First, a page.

If we look at what's happening at the ACT Legislative Assembly where they have established such a bodyand we talked about this at the last COAG meetingwe find that it's a mechanism that is working. It's been going since 2008 after they took that on from my report. They established it and it's worked very successfully since then. It is an all-Indigenous body that is there to scrutinise policies and programs of the ACT government.

CHAIR: Linda.

Ms BURNEY: Hi, Tom; it's Linda. I've got a series of questions. If I confuse you, tell me to stop and I'll try and unconfuse you, or meprobably me more than you.

CHAIR: I just remind you that we've got about 10 minutes left of Professor Calma's time.

Ms BURNEY: Thank you. Firstly, Tom, one of the principles I think we would want to be guided by is that whatever we recommend does not undermine the statutory authority of a number of established organisations, particularly the big land councils.

Prof. Calma : Yes.

Ms BURNEY: And also perhaps some other bodies that you might want to suggest. We've got a number of peak organisations that you wouldn't want to undermine because of the good work that they're doingNACCHO being one. And obviously the issue of elections is really important to the community. My question to you is: the model that you're proposingdo you see that as a permanent model, and how would it butt up against the argument that the government or parts of the government, including the Prime Minister, are running at the moment that we don't want to establish a third chamberand I could see the model you are suggesting could be accused of thatand also that the Prime Minister has also ruled out a constitutional referendum? How do you see us going forward from that?

Prof. Calma : I think two things: one is the membership of the national congress. All of those land councils, NACCHO, all of the health peak bodies and other peak bodies are already members of that body. They participate very actively in the national congress and the associated bodies to that, like the National Health Leadership Forum. That's a structure that's there. It is just unfunded at the moment and unrespected in a lot of ways, but it is the Aboriginal voice.

Secondly, I would see establishing an estimates committee, a parliamentary committee, that requires both houses to agree to the structure is an important way. It won't be a third chamber. The membership could comprise elected politicians as well as the national congress or other elected Aboriginal people onto that body. It will just be talking to the bureaucrats about the way that they're delivering services and not determining policy or anything else like thatthere's another mechanism to do thatthat they're there to scrutinise the way policies and programs are being implemented.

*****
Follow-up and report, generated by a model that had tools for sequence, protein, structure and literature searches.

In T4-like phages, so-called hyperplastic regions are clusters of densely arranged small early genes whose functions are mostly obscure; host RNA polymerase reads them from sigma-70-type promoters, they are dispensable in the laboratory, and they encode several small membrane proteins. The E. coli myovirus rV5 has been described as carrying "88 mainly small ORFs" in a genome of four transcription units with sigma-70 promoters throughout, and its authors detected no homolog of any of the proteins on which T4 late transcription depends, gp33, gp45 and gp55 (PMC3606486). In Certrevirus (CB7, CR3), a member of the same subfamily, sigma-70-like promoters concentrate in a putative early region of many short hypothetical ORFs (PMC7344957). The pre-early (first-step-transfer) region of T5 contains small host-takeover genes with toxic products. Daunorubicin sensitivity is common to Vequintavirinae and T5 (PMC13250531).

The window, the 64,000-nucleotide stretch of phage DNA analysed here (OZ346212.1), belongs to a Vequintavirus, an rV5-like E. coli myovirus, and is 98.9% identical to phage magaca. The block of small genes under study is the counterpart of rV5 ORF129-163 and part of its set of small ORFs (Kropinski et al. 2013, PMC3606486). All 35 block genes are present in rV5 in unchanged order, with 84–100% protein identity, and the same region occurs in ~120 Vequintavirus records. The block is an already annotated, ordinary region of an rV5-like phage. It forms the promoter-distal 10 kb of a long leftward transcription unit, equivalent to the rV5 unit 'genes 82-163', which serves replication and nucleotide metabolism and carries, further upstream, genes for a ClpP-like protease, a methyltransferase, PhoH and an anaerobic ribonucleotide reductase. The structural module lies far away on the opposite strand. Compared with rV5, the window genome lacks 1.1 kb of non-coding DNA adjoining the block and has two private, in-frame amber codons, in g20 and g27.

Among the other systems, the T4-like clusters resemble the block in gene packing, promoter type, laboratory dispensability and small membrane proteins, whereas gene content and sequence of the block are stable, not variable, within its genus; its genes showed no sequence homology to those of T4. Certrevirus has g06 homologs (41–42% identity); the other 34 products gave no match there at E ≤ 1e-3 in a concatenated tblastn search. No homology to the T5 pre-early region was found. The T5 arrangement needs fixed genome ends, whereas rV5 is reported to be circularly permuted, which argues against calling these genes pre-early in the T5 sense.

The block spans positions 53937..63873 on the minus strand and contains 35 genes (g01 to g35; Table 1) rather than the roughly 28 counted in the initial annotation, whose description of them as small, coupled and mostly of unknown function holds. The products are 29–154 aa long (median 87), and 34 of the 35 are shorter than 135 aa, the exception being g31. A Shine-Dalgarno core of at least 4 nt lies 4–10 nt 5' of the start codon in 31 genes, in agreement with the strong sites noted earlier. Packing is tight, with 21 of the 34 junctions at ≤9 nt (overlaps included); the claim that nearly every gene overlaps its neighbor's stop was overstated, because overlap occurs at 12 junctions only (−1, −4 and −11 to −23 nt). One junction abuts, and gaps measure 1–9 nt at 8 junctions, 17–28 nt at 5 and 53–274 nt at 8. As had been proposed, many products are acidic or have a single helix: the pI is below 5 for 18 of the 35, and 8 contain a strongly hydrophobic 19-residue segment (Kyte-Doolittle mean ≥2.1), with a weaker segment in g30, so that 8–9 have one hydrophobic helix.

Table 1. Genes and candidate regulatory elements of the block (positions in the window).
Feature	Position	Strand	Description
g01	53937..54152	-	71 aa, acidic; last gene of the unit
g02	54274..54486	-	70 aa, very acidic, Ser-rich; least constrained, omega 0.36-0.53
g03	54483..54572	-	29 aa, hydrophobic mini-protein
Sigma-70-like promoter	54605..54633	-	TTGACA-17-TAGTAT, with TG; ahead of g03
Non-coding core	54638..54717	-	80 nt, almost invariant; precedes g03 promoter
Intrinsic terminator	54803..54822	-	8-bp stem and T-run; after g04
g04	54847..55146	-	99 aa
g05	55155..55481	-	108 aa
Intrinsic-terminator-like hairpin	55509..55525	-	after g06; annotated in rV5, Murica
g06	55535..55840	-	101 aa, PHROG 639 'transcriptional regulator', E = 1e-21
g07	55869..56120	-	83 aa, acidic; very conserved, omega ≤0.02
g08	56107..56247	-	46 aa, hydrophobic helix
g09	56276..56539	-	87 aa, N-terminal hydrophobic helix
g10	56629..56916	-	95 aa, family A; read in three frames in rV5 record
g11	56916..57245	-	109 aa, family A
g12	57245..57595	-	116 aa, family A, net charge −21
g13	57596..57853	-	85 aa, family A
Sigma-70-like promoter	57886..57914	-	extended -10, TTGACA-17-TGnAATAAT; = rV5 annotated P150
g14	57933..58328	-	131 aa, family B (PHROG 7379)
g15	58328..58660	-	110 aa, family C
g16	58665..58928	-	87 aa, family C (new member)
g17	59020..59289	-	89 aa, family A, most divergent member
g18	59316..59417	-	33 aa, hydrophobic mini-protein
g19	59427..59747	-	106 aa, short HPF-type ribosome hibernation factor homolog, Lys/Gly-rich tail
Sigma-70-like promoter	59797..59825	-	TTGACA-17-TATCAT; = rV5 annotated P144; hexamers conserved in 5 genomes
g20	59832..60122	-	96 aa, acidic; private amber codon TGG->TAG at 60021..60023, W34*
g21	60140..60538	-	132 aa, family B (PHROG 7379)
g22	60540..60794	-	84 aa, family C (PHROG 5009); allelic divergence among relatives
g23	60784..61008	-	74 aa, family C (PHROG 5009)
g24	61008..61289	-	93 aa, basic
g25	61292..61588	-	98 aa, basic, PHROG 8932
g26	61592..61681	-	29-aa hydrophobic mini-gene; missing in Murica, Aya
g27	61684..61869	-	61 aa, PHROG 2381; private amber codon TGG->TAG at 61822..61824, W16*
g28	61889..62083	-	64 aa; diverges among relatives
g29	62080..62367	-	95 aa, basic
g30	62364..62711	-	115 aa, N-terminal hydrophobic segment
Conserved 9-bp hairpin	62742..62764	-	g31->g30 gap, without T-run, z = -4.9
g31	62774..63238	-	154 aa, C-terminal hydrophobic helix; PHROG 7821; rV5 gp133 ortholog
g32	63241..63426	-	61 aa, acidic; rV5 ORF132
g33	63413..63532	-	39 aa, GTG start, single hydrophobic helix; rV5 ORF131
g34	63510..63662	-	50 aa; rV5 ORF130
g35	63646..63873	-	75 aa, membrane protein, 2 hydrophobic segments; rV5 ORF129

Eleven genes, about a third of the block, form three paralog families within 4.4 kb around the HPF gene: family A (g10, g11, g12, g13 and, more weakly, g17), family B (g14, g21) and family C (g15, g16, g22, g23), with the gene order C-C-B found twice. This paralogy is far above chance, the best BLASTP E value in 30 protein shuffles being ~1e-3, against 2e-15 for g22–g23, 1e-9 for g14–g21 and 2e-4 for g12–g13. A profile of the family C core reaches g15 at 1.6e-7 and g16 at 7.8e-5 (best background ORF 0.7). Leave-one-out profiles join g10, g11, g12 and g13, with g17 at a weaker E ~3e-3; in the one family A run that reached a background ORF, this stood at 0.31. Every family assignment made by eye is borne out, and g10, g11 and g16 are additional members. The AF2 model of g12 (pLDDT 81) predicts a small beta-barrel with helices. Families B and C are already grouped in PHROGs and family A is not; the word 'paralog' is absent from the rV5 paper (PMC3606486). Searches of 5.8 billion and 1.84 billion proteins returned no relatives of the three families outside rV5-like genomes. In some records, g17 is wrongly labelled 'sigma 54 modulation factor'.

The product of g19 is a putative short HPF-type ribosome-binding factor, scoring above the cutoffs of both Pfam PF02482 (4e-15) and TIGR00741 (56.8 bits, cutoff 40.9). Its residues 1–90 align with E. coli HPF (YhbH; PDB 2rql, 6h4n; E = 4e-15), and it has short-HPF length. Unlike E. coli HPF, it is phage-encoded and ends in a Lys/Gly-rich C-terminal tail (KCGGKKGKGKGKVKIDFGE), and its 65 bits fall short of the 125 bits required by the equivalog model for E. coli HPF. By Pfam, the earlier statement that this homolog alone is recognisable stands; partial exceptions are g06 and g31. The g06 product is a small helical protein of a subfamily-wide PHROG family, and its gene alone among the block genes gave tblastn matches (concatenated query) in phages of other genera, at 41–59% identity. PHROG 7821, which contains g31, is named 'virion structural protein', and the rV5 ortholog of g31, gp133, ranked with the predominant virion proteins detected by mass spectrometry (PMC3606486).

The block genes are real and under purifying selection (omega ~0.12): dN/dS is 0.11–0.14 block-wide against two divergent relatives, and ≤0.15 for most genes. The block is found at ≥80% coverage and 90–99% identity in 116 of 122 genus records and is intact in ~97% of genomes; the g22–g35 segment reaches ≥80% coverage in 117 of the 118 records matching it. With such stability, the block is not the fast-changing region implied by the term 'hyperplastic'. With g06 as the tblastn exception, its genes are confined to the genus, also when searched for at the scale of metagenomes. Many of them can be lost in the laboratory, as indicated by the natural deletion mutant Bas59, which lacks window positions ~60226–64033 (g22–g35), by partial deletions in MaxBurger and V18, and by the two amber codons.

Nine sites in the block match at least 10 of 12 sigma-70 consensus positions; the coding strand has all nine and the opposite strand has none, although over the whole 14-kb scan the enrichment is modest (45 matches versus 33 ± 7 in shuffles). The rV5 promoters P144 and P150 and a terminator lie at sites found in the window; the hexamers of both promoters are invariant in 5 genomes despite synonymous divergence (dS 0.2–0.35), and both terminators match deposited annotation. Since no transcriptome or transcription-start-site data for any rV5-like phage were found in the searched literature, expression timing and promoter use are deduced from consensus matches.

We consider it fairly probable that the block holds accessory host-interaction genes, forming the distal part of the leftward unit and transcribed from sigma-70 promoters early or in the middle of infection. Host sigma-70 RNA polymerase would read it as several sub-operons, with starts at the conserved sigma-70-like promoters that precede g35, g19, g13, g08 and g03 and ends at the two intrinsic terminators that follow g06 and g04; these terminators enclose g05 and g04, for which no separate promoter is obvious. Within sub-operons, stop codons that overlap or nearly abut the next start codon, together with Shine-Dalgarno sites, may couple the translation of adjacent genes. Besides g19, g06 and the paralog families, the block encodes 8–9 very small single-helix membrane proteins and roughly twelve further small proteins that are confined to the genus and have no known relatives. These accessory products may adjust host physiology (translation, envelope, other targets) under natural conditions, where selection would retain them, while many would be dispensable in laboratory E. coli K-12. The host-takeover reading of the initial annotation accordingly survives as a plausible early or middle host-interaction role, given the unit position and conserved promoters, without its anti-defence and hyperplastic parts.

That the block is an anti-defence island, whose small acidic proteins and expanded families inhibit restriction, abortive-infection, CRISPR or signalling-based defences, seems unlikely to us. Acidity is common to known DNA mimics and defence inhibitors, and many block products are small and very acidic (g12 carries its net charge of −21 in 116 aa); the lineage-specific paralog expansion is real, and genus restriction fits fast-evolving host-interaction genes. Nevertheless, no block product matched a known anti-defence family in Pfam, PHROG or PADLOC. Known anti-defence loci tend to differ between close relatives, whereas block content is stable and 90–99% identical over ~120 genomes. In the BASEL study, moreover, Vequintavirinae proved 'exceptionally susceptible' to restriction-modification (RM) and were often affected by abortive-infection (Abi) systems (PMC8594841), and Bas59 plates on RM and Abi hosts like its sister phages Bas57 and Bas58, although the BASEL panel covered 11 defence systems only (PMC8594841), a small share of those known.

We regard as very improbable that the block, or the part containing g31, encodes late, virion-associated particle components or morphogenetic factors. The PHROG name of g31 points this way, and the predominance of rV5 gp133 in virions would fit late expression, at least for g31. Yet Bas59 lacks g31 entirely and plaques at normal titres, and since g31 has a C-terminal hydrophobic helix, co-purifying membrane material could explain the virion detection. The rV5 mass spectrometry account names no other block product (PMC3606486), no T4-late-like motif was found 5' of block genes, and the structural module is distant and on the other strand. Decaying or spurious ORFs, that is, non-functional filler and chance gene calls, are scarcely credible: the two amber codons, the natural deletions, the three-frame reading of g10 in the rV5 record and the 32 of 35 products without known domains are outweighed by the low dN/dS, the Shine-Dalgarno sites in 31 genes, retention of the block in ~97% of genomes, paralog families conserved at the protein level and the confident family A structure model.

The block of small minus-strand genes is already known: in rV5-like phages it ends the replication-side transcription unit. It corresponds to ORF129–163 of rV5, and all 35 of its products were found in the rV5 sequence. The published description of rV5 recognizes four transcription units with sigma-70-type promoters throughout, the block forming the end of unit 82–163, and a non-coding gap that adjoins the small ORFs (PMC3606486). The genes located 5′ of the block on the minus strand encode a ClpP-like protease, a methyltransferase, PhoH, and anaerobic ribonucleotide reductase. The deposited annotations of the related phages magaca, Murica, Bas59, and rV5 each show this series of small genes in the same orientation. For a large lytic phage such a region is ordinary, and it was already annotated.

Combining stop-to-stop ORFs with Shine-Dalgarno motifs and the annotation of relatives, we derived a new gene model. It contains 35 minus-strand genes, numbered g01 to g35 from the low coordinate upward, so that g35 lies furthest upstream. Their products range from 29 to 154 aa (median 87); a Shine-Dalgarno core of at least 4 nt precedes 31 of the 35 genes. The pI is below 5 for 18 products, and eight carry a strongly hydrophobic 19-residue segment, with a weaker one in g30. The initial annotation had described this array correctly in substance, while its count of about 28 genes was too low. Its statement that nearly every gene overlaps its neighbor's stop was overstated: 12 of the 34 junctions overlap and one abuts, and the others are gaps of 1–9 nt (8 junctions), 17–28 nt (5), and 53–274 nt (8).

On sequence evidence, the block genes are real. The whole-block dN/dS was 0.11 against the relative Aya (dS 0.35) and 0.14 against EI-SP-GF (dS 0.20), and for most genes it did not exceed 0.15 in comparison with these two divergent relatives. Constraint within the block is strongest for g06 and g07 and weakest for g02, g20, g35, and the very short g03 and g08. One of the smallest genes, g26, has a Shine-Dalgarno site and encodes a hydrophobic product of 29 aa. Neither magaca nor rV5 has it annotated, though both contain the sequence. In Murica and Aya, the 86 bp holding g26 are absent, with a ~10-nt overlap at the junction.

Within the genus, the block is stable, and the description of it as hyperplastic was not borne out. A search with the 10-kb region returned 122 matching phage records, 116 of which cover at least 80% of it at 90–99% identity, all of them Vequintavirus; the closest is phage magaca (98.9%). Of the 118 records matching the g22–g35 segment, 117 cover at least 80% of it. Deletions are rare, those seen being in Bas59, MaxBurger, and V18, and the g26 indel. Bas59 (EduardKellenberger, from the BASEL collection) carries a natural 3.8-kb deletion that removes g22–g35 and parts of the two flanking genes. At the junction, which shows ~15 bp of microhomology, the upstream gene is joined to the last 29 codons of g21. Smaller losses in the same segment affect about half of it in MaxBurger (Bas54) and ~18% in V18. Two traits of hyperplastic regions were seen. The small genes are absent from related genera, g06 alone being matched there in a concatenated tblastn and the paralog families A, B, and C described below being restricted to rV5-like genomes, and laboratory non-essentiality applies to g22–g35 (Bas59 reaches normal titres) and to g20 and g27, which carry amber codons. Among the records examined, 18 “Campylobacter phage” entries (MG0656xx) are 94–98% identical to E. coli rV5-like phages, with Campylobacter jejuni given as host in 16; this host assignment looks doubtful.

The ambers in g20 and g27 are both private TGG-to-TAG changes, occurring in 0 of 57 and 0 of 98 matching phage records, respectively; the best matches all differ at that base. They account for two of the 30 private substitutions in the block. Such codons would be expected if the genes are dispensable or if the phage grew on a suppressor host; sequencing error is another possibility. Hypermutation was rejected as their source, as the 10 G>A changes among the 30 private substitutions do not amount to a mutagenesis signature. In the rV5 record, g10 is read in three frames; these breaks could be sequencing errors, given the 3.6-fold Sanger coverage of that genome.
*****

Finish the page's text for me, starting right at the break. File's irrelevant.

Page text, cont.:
That's the real value. That's where the bite happens, I think, in public policy areas and program implementation. The lack of coordination across all the program areas is where we're failing in Aboriginal affairs. I don't see it as a third chamber of parliament; it's just a committee of parliament.

Ms BURNEY: Thank you, Tom.

CHAIR: Anyone else? Malarndirri.

Senator McCARTHY: Hello, Tom.

Prof. Calma : Hi, Malarndirri.

Senator McCARTHY: I just wanted to go back to your views around an estimates type of example in terms of a structure. You did say there's a place for a voice but you had concerns around the current arrangement. One of the things we're asking consistently as we go across is the view about the powers of a voice to the parliament.

Prof. Calma : Yes.

Senator McCARTHY: One of the suggestions with the Referendum Council was that it would not veto; it would not have the power to veto. Do you have any views around that?

Prof. Calma : Yes. I think it's lacking a lot of definition as to what the role would be and the powers when you take out the power of veto. That was my concern about being an advisory body to parliament. The way we look at the current scrutiny committees of parliament now, the advice can be sought or it might not be. The advice could be taken on board or it could be set aside. As to the NT intervention, that legislation, when it got through, was a clear indication of having a scrutiny committee look at the legislation, which had significant concerns about the legislation, but the government of the day set it aside and did not take any advice from that committee.

I would have to find it, but there is a recent recollection of the Attorney-General also setting aside or not requesting one of the scrutiny committeesI think it was the human rights committee that has been establishedor not seeking its advice because he didn't believe he needed it. That is the concern about having a voice with a structure.